Consular officers also point out two other restrictions aimed at controlling adoptions. They must be arranged by foreign adoption agencies — not through individuals, as was the case in Romania — and they must be coordinated by the Moscow Adoption Center. 

The Russian Ministry of Education created the center in September 1991 to establish procedures and control adoptions. The system now requires adoptive families to work with agencies that have representatives who identify adoptable children in orphanages, assist in negotiations with local officials and interpret and prepare translations. 

Once the child is identified and matched with a foreign family, approval must be received from the adopting country’s immigration agency to have the child classified as part of the family. The child must also have medical examinations and meet immigration health requirements. A host of other forms must be processed for a passport and visa. On the Russian side, there are several stages of approval required, from the local orphanage director and mayor all the way through to the Ministry of Foreign Affairs.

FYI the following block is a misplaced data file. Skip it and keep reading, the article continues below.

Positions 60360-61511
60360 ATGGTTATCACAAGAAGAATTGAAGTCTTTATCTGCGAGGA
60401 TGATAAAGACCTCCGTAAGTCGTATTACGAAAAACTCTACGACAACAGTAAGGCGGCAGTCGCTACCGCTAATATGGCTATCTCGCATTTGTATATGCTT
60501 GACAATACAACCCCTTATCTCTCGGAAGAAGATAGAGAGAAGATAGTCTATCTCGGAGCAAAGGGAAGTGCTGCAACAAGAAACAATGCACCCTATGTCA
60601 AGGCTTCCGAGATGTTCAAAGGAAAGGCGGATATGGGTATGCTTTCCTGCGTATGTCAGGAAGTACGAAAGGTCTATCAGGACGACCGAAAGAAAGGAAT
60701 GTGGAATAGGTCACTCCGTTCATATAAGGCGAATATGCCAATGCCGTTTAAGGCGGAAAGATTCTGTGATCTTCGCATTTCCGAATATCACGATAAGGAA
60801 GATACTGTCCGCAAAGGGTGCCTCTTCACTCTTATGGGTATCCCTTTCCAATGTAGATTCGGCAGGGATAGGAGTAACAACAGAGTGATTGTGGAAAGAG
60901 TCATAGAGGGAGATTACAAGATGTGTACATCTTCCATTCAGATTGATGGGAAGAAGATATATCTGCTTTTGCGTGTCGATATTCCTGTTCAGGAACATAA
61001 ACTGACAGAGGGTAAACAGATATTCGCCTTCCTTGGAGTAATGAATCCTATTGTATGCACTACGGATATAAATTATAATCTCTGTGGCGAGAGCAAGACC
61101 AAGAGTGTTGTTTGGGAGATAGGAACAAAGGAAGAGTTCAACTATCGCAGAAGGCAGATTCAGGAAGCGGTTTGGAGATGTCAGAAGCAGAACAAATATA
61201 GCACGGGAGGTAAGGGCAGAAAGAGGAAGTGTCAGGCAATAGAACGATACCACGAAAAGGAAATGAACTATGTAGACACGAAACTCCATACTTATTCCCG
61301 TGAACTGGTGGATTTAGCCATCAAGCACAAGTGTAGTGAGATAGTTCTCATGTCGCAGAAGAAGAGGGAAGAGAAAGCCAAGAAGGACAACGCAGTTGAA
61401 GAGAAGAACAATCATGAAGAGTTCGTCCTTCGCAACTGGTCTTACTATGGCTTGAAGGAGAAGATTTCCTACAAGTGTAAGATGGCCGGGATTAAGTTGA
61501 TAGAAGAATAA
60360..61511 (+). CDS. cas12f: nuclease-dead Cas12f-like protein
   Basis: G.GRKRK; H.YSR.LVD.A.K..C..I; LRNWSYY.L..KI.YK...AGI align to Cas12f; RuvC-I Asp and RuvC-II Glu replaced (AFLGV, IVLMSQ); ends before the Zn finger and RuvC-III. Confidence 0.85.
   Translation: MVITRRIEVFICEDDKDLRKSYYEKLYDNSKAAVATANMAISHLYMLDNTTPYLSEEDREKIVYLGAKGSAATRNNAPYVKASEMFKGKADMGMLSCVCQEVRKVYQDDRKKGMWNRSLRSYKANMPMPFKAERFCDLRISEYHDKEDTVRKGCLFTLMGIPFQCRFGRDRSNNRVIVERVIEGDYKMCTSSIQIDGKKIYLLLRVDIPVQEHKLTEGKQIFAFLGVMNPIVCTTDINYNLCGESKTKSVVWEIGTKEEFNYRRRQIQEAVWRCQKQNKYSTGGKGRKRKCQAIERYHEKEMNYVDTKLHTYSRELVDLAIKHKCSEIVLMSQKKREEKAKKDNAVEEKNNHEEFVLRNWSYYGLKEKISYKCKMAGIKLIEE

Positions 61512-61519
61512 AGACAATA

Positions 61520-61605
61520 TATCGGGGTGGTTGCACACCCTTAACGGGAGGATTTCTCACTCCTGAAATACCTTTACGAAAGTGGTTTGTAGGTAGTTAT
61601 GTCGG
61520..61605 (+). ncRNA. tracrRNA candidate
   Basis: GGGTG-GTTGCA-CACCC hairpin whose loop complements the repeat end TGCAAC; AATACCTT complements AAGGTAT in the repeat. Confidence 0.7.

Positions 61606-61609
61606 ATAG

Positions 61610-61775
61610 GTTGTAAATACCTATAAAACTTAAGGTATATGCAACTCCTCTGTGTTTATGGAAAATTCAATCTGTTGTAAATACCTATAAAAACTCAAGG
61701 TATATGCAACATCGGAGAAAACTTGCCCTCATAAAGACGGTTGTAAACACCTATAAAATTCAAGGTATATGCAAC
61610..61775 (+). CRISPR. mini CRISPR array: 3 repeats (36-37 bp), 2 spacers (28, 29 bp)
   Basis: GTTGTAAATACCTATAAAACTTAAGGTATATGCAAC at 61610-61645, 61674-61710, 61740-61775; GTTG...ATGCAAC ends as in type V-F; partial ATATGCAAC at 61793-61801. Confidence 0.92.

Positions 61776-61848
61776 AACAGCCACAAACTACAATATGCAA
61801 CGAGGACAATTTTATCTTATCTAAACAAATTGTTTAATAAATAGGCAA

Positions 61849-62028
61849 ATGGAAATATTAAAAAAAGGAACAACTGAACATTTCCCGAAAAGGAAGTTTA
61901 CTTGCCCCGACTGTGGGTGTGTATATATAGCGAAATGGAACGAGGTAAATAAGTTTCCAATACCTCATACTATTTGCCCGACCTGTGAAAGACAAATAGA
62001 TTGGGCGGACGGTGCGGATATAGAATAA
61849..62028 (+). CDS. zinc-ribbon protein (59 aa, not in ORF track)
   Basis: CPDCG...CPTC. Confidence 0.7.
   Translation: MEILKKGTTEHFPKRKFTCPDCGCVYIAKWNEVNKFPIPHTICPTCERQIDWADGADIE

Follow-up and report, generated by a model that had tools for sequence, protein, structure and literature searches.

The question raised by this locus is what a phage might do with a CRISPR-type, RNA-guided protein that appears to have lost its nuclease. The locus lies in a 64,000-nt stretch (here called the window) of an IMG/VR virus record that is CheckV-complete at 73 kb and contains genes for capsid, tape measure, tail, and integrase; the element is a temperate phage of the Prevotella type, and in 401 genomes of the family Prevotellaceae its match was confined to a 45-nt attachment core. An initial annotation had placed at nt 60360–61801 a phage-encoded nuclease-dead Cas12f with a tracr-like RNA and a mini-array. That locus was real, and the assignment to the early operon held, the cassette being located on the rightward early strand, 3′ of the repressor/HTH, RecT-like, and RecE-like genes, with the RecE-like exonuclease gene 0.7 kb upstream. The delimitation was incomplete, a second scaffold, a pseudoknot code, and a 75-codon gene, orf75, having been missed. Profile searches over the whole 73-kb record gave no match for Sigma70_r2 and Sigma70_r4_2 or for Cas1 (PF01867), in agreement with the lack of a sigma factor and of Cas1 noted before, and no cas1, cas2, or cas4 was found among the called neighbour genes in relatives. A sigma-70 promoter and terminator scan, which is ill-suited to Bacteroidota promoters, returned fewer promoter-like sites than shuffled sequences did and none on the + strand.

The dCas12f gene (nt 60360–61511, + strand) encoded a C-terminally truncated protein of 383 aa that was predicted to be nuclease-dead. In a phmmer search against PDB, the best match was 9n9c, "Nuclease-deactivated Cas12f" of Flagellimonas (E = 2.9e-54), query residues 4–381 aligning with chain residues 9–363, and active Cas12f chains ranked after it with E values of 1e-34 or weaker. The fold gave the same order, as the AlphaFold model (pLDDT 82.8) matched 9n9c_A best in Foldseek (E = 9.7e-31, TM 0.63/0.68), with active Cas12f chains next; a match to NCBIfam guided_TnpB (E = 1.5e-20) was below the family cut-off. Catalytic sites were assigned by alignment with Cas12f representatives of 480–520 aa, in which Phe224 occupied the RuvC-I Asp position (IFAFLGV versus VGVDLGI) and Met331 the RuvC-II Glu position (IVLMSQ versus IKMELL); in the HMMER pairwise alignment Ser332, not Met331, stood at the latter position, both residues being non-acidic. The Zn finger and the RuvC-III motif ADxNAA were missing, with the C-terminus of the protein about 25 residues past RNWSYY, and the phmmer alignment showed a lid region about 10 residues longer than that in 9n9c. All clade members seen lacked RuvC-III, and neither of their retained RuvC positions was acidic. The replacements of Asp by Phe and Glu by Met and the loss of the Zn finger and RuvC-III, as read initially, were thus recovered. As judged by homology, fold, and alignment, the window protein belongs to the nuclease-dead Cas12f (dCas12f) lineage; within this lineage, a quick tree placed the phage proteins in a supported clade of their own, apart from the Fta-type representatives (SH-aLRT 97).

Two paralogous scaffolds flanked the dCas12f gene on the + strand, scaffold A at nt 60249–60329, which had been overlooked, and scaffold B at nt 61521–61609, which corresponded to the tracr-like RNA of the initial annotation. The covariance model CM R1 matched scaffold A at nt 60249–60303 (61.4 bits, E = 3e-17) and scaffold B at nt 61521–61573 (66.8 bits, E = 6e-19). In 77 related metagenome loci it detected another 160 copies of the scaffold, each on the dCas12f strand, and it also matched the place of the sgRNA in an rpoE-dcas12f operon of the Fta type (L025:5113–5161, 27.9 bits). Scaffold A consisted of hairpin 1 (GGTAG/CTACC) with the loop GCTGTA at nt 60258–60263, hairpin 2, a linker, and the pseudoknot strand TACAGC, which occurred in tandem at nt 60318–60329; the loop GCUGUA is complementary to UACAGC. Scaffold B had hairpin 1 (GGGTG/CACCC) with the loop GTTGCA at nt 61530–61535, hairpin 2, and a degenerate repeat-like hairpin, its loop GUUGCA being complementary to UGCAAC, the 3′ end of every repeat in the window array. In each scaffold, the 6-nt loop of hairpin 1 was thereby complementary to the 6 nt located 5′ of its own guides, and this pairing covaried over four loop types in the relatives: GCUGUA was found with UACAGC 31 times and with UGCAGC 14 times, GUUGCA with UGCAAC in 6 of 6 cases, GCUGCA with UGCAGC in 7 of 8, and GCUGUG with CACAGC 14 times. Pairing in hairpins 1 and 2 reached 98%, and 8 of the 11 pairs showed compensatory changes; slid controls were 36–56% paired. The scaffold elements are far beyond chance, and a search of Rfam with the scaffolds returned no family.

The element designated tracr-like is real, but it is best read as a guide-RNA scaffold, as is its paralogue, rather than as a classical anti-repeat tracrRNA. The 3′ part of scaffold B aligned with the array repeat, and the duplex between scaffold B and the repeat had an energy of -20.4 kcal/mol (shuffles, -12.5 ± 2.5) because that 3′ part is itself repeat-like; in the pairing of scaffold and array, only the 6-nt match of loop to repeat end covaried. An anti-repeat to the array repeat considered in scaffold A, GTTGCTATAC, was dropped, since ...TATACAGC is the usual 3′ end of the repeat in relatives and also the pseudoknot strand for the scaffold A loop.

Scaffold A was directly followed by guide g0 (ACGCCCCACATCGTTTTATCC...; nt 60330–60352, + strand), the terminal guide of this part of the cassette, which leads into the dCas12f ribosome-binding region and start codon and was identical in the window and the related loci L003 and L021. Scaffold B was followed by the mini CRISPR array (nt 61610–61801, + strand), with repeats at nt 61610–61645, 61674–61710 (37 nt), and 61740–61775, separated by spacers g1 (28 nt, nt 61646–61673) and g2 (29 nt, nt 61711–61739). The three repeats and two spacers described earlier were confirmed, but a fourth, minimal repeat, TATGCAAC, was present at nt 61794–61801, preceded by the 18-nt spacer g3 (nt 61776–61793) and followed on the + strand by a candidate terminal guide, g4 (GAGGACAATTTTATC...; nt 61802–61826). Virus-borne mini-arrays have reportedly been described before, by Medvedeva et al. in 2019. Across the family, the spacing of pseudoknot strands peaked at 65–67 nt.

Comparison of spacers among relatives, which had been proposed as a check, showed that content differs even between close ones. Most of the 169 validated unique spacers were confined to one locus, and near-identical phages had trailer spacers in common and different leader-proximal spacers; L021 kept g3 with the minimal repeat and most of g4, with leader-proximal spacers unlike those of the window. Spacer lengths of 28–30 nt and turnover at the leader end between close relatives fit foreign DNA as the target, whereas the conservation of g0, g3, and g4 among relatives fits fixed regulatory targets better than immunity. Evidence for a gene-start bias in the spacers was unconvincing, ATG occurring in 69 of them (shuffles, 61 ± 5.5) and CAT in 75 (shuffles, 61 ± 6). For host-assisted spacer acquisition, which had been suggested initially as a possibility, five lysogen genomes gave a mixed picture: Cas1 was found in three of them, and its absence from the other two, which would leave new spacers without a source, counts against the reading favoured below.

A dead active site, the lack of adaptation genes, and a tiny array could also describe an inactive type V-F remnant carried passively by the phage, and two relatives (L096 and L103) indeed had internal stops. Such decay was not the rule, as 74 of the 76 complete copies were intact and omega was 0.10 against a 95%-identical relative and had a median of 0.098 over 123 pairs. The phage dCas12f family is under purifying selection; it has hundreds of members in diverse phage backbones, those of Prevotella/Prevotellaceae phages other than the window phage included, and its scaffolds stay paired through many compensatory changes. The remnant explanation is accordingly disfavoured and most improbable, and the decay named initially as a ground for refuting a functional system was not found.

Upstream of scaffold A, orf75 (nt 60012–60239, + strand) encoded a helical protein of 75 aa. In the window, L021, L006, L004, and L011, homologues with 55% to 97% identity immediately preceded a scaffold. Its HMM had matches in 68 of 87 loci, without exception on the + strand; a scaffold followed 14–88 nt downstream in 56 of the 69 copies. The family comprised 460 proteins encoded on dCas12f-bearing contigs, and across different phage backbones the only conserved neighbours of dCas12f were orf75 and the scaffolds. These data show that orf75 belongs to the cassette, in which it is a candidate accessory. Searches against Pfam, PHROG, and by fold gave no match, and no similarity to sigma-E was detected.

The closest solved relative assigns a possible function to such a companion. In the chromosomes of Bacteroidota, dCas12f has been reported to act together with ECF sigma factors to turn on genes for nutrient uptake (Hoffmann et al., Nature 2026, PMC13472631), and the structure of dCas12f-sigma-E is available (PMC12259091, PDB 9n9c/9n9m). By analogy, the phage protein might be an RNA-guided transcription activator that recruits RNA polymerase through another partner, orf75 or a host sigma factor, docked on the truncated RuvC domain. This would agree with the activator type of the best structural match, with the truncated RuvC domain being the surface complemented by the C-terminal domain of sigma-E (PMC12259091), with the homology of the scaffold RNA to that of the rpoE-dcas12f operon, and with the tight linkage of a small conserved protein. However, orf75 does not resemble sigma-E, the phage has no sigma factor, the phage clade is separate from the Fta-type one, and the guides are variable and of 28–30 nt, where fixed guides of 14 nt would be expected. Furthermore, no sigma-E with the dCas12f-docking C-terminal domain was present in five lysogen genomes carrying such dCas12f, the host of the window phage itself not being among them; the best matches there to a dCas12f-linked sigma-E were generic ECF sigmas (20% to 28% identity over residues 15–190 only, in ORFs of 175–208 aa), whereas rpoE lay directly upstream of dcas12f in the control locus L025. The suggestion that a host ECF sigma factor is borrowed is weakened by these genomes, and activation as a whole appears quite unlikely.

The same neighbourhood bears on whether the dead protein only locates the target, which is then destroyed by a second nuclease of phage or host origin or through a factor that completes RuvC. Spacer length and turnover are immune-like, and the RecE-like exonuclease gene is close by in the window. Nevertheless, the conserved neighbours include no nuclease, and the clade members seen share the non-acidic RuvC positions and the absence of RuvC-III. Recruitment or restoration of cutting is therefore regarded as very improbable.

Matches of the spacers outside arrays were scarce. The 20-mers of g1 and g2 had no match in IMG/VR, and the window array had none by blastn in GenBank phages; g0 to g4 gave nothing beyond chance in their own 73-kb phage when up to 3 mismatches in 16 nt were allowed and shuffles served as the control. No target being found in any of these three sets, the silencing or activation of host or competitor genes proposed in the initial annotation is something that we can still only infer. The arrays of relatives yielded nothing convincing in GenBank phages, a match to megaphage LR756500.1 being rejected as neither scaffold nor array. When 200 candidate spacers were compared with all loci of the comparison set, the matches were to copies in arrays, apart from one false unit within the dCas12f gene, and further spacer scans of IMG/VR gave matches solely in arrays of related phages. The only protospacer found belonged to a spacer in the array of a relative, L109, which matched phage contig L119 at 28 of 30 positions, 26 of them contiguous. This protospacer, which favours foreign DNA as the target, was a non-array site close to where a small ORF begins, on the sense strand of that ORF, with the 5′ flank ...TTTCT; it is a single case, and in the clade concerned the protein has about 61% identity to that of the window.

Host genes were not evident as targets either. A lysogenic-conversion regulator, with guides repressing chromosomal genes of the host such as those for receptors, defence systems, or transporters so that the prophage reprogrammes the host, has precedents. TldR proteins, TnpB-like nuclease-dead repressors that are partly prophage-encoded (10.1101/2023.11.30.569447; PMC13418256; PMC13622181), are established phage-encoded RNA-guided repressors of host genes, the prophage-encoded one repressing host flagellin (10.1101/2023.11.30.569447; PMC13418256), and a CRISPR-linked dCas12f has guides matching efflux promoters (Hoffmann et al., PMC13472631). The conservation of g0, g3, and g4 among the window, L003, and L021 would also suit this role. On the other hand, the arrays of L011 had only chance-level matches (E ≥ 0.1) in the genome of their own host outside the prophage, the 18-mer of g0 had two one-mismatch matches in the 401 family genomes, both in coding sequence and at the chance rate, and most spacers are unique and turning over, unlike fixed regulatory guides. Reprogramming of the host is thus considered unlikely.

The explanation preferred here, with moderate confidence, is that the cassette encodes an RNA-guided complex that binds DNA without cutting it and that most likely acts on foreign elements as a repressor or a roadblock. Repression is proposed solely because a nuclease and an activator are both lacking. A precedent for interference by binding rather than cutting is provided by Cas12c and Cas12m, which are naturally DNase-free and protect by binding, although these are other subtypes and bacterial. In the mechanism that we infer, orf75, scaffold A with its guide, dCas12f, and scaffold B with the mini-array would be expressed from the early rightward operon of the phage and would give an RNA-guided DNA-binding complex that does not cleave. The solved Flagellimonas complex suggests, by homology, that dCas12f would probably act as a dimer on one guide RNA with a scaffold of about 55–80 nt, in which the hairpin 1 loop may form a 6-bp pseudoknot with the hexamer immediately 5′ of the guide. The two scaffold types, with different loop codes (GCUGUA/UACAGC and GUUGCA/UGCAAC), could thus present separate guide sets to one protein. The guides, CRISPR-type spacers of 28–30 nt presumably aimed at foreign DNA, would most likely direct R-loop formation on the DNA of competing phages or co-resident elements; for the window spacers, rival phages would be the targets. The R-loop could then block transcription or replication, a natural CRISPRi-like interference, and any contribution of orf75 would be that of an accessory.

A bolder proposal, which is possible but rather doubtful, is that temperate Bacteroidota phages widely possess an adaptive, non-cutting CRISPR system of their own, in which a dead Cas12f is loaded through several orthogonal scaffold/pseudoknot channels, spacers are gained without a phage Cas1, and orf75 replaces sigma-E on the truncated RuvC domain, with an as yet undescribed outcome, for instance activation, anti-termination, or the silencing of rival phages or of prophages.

A consular official at the French Embassy, who also wished to remain anonymous, noted that some corruption had been evident last year, “but things are getting better organized now.” Until the new system and the Central Adoption Center was created, French adoptions occurred through the families of Russian emigrants to France. The official said that money did exchange hands in some cases, but “no one disclosed amounts. I like the new system — it will be more difficult, but better,” she said. 

But the center has also drawn criticism for requesting “compensation” and for slowing the adoption process for foreigners. 

A French diplomat said she complained to the Ministry of Education last year after a center employee requested “assistance or compensation” for the center. “I understand that they face difficult situations, but aid and adoptions must remain completely separate,” she said. 

Lubov Selyavina, director of the Moscow Adoption Center, acknowledged it has received gifts of office equipment, such as a fax machine and a computer, from foreign adoptive families.